• Justin Handlin

Conveying Information to Players in Dungeons and Dragons

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Tips for Conveying Information to Players in Dungeons & Dragons

As Dungeon Master you’ve compiled a massive book full of NPCs, fantastic locations, complex monsters, and plenty of secrets, plots, and wonder. You’ve got pages chock full of details and planned out events, revelations, twists, turns and so much. You sit back from dozens of hours of preparation work on your Dungeons and Dragons campaign. A smile touches your face and you're happy with the result.

But, as you gaze over at the massive stack of notes and plans, it dawns on you slowly. How in the Nine Hells are you going to get ALL this information to your players? Well, don’t worry, cause we’ve got some powerful tips to help you convey all that amazing and important information from your notes, the players, and their characters.

Dungeon Master Exposition

When a campaign starts out, usually with a Session 0, the DM spends a significant portion of time setting the scene and the world in which the game is to take place. It’s the tool used to describe the details of the setting from a high level so that the players know what kind of world to expect. In most cases, a Dungeon Master will do this in advance. Usually tossing together a short document the players can read before the game even begins. For example, “Orcs hail from the Dragon’s Spine mountains. While they aren’t the wisest of the races, they are strong and honor-bound. They often find themselves at odds with the Human villages in the forests that lay at the base of the mountains. While they tend to have scraps here and there, in most cases as long as they keep to their areas they don’t bother each other too much. The Race Pact prevents an all-out battle between the six great races. Forged in magic by the elves and enforced by the dwarves keeps the great races in check. Though the pacts weave have been weakening. Without the strong backlash from the magic, the battles are getting more common.”

Now, the exposition doesn’t have to just come in large spurts at the beginning of a campaign. They can be sprinkled out throughout the story. This most often takes place as knowledge skill checks. For example, if the characters hear mention of the Tree of Life, the DM may call for a nature check in most circumstances and tell them directly the information they learned. Or, if an elf is in the party a check may not be necessary as the Tree of Life is closely tied to elven beliefs each learns growing up.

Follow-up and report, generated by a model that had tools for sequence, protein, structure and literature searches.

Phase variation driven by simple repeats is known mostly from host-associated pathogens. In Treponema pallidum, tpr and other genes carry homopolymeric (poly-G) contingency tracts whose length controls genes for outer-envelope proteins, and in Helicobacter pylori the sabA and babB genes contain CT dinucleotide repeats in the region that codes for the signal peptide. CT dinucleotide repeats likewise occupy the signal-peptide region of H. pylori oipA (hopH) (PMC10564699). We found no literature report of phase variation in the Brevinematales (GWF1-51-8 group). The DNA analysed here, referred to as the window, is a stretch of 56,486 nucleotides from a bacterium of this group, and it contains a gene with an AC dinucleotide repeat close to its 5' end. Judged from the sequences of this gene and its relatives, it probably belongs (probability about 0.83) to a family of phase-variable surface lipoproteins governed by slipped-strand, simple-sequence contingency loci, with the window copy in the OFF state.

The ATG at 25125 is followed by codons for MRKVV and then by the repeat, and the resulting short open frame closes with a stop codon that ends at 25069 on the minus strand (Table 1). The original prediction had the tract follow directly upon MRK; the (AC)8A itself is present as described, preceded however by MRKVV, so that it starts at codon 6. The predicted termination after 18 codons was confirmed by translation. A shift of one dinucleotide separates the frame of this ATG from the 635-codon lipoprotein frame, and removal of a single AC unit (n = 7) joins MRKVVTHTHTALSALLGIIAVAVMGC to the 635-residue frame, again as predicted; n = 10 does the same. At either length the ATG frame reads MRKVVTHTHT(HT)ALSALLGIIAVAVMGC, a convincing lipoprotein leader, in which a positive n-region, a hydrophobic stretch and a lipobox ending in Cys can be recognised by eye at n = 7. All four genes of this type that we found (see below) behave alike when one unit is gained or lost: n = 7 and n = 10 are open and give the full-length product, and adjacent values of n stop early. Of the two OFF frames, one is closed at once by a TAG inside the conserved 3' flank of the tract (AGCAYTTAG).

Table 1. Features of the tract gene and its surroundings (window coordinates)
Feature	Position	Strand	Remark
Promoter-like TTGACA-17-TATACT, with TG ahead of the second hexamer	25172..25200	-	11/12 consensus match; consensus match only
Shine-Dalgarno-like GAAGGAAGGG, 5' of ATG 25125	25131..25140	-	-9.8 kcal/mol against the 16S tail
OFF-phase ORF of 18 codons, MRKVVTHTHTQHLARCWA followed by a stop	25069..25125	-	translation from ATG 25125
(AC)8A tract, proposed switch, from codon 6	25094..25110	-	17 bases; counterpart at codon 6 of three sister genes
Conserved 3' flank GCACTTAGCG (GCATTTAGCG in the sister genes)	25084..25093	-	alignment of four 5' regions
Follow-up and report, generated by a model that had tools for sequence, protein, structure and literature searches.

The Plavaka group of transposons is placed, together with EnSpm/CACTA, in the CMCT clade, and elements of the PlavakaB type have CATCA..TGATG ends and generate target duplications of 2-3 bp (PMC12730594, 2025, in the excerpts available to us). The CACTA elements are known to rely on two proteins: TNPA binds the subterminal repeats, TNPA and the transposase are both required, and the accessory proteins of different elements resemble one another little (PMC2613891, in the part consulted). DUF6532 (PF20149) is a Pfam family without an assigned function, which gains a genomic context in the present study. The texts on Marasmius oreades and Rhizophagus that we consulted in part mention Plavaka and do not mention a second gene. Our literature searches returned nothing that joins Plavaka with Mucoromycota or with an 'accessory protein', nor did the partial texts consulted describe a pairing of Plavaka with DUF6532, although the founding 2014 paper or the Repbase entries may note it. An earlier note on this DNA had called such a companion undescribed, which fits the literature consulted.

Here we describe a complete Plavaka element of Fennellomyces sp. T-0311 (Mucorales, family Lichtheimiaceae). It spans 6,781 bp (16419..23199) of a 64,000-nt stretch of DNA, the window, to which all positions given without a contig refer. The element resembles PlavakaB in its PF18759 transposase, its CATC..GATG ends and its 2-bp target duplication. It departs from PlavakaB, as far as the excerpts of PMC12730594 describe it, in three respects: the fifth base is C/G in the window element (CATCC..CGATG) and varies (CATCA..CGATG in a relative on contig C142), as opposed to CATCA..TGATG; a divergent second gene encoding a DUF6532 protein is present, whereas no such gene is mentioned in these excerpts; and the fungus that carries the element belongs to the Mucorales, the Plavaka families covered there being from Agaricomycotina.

This is a great way to include the character's class, features, race, and backgrounds to validate their choices. Don’t be afraid to bend and break rules for knowledge checks to provide information to the characters they would reasonably know. This simple trick allows a sense of reward for the player's choices while allowing you as the DM to share those bits of knowledge. Use your judgment and find a balance that works for you and your table.


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NPC Interaction

One of my favorite ways to pass on information is through characters interacting with Non-Player Characters (NPCs) in the world. This makes for rewarding and interesting conversation at the table. Since it's a direct interaction with the player’s characters we can spend a good chunk of conversation answering questions the characters have as a reason to share lore and details about the world. Whether they are speaking with a passing local or interrogating a monster, the opportunity for worldbuilding is huge. The best part…NPCs have their own thoughts and biases. Their information can be inaccurate, or wrong entirely. Depending on their motives, they may outright lie to the characters. Skills such as insight or spells like the zone of truth can help with trust. Which will happen because the characters are a distrusting lot. But just because someone is honest, doesn’t mean they are reliable. Rumors abound and they can twist and turn from mouth to mouth. What may start off as “The Queen of Zani was assassinated. Her advisor and her honor guard slew the assassin, but it was too late” can quickly become “The Queen of Zani was assassinated, they say she was slain by her honor guard being led by her Advisor.” The NPC may very well believe this information is trustworthy, but passing from mouth to mouth the story bends. Make sure to get the most out of this powerful tool for building your world.